Jim carries me past the kitchenette on the right and carefully deposits me on the old sofa in the middle of the loft. He fusses over me like the perfect big brother (which he isn’t), tucks an old quilt around me like I’m a piece of crystal (which I definitely am not) and goes to the kitchenette to pour me a glass of OJ.
He keeps the place nice even between renters, sometimes crashing up here on game nights when overtime keeps the bar open, or when he does inventory. I silently thank him for his part and the temporary use of his man cave.
This, in essence, is what it is. A fantastic media center hides within a repurposed wardrobe across from the sofa. The kitchenette includes a small square table and an old laptop I keep going for him. A bed hides in the far corner and sometimes is a resting place for close friends Jim won’t let drive home after a long night downstairs.
A dartboard and some family photos decorate the walls. Some of them actually include me; I’ve been in his life for so long. A couple of images of Jim and Chloe’s face smiling from various locales. A framed photo with the three of us – Jim, Leslie, and Chloe – standing behind the bar, hangs on the wall across from the dartboard. One, in the darkness beside the closet, holds my real face. A lapse on my part before Jim found Leslie, his true love.
Right now, the only light floods the kitchenette and part of the middle of the loft that includes my feet on the sofa. Darkness shadows my face. Logan remains by the sliding door, balancing his attention between the loft and the night beyond. He almost bounces on his feet, itching to turn off the light.
Double-checking that really, I am ok; Jim backs off and hovers by the door next to the wardrobe that leads down to his office.
“Oh, go back to the bar, bro. I’m fine.” I let him off the hook.
He eyes the boys, who are not yet comfortable enough to sit down.
Primal male looks pass between them. They are already familiar with each other. The boys have been in the bar for a week, after all. Jim shakes his head and heads down to the bar, leaving me alone with Nick and Logan.
Nick sits next to my feet, on the edge of the sofa.
“So you’re the sister Jim doesn’t talk about…ever.”
I hide in the glass of OJ, going through scenarios in my mind. It’s kind of like playing chess, if I move here, what is the next move and so on. I’m not like the Powers that Be, focused only on the black and white pieces, the major players, to the detriment of those who stay off the grid, playing off the board.
I see a lot. I know more. And, well, I’m not God or His Nemesis, so I make mistakes. Karen had been a mistake.
Zapping the demon had been a mistake. To be fair he threatened my family and mistake or not, I would do it again.
The boys stay quiet while I ponder. However, the OJ is not infinite and I put the empty glass on the small table next to the sofa.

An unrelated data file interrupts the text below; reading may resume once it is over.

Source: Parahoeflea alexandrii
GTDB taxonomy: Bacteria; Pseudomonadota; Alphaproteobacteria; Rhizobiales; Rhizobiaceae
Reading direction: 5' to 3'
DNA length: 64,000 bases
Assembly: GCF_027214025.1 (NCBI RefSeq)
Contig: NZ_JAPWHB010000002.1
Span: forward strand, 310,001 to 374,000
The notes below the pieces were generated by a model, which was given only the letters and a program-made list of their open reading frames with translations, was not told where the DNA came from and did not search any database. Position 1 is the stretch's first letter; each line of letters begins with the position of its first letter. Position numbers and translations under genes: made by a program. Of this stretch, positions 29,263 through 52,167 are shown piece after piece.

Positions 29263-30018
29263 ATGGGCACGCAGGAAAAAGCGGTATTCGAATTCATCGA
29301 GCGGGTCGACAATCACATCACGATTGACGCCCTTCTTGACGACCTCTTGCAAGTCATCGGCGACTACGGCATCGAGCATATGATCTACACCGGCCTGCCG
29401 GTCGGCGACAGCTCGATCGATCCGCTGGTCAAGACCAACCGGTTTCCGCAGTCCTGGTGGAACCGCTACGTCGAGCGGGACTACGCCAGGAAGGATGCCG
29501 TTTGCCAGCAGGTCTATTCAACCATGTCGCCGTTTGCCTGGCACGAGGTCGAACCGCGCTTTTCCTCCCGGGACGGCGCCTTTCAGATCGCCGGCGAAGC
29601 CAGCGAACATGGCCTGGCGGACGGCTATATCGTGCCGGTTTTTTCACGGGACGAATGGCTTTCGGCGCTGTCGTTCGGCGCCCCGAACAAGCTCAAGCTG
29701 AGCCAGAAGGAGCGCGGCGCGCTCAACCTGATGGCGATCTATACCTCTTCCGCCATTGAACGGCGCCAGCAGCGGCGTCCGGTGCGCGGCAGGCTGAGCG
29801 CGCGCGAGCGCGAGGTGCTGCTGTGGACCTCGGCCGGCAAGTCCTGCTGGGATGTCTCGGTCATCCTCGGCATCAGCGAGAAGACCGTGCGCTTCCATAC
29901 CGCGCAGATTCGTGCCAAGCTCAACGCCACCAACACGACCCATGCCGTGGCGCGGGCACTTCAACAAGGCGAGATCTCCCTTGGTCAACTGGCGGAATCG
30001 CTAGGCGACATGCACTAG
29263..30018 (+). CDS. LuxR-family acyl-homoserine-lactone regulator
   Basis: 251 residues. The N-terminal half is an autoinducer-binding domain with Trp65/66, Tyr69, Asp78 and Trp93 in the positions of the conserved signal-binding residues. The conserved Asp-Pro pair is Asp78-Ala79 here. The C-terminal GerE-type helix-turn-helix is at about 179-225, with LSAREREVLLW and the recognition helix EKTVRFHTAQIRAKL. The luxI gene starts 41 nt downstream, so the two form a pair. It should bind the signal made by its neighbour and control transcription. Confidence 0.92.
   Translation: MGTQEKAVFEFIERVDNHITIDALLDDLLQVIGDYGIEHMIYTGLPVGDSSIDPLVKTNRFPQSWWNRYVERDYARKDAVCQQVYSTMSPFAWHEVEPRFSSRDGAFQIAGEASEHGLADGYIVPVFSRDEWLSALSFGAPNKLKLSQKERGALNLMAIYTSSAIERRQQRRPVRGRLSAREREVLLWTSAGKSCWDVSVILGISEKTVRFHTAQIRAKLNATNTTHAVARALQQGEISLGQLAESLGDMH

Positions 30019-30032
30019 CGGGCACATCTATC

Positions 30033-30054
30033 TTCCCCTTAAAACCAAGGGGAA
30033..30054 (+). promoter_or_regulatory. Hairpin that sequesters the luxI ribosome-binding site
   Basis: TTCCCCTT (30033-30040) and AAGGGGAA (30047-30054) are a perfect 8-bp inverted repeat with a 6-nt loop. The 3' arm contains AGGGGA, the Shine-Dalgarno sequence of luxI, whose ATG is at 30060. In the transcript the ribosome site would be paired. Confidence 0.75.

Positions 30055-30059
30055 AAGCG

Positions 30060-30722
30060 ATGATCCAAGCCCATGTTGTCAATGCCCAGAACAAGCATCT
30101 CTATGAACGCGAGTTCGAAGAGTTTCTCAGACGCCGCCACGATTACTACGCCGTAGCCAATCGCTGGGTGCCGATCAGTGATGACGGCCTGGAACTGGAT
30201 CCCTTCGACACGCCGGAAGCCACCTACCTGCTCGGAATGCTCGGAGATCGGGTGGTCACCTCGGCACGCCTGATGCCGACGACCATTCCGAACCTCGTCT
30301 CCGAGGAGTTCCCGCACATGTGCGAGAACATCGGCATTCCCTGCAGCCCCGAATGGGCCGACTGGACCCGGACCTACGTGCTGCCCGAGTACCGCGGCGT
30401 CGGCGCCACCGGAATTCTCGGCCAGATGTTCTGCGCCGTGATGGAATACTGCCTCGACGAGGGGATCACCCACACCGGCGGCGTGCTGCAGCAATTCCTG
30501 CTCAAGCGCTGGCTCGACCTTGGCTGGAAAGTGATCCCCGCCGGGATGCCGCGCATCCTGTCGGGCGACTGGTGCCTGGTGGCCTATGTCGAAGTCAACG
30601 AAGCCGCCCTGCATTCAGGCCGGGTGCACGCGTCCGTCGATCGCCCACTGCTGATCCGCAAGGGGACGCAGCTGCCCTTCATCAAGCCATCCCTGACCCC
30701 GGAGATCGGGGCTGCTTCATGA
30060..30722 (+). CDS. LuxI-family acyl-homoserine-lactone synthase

When I do, Nick leans forward and takes my hand.
Sometimes it’s a struggle to hide the magic, to hide the genetics that make up my magical being. These boys have honed their sensitivity razor-sharp. If I am not more careful, they will deduce who and what I am before I am ready for the reveal.
Touching Nick, I understand that they are not the normal questers. They are not vampires searching for purpose. They are not witches looking for Destiny. They are not mere humans looking for a way to help their local ghost or rid their town of undetermined Evil.
These boys carry the weight of the world on their shoulders. They have embraced Destiny without hesitation and fought battles between Good and Evil frequently and squarely on the side of Good. They are White Knights on their first great quest to save the world, the first of many if this one goes well.
This is definitely far from my usual routine.
So I already know some of what the future whispers and I already know the part they are to play even though this is the first I get to see of their faces, even though it has taken me a bit to recognize exactly who they are.
Yes, it rather concerns me. Because like the other times Armageddon loomed, I have no clear view of the future beyond the battle. It could go either way. Until it does, beyond is foggy limbo.
Free will is a bitch.
“What happened down there?”
“Nothing really. I think I just scared some guy.” I shrug. Let him think I’m hiding something. Because I am.
“Have you seen him before?”
“I don’t think so.”
“Did he seem strange to you?” Logan asks from his post at the door.
“Yeah, like not human.” Way to get down to business Logan.
I let the question hang in the air for a bit, sliding my hand from Nick’s. Putting my glasses back on, (I’ve finally realized they are in my other hand instead of on my face.) I pull my knees up to my chest and wrap my arms around them, quilt and all.
“Who are you again?”
They both squirm. Yeah, despite the seriousness, I like making them squirm.
They share glances as if forming a story for me. Or, picking one out of the many they had already prepared for such a situation.
“We’re investigating—,” Nick starts, but stops when I narrow my eyes.
“We’re looking for an old friend,” Logan offers.
That Chloe can buy.
“In a bar?”
“We think she’s in trouble,” Logan lies. “Someone told us she used to hang out here.” Truth.
“I’ve lived here my whole life,” I return a lie. “Maybe I can help.” Truth.
Logan is quiet. He is alert, literally on his toes dividing his attention between the darkness outside and me on the sofa. Nick’s instinct is friendly. Logan allows Nick the opportunity to run with it.
Nick pulls an old photo from the pocket of his jacket.
What the hell?
He has a picture of me, of my real face.
What the bloody hell?
I am not prepared for this. I have had no warning. Pride goeth before a fall, He says. Hubris will be your undoing, He says. No way am I going to let Him be right all the damned time.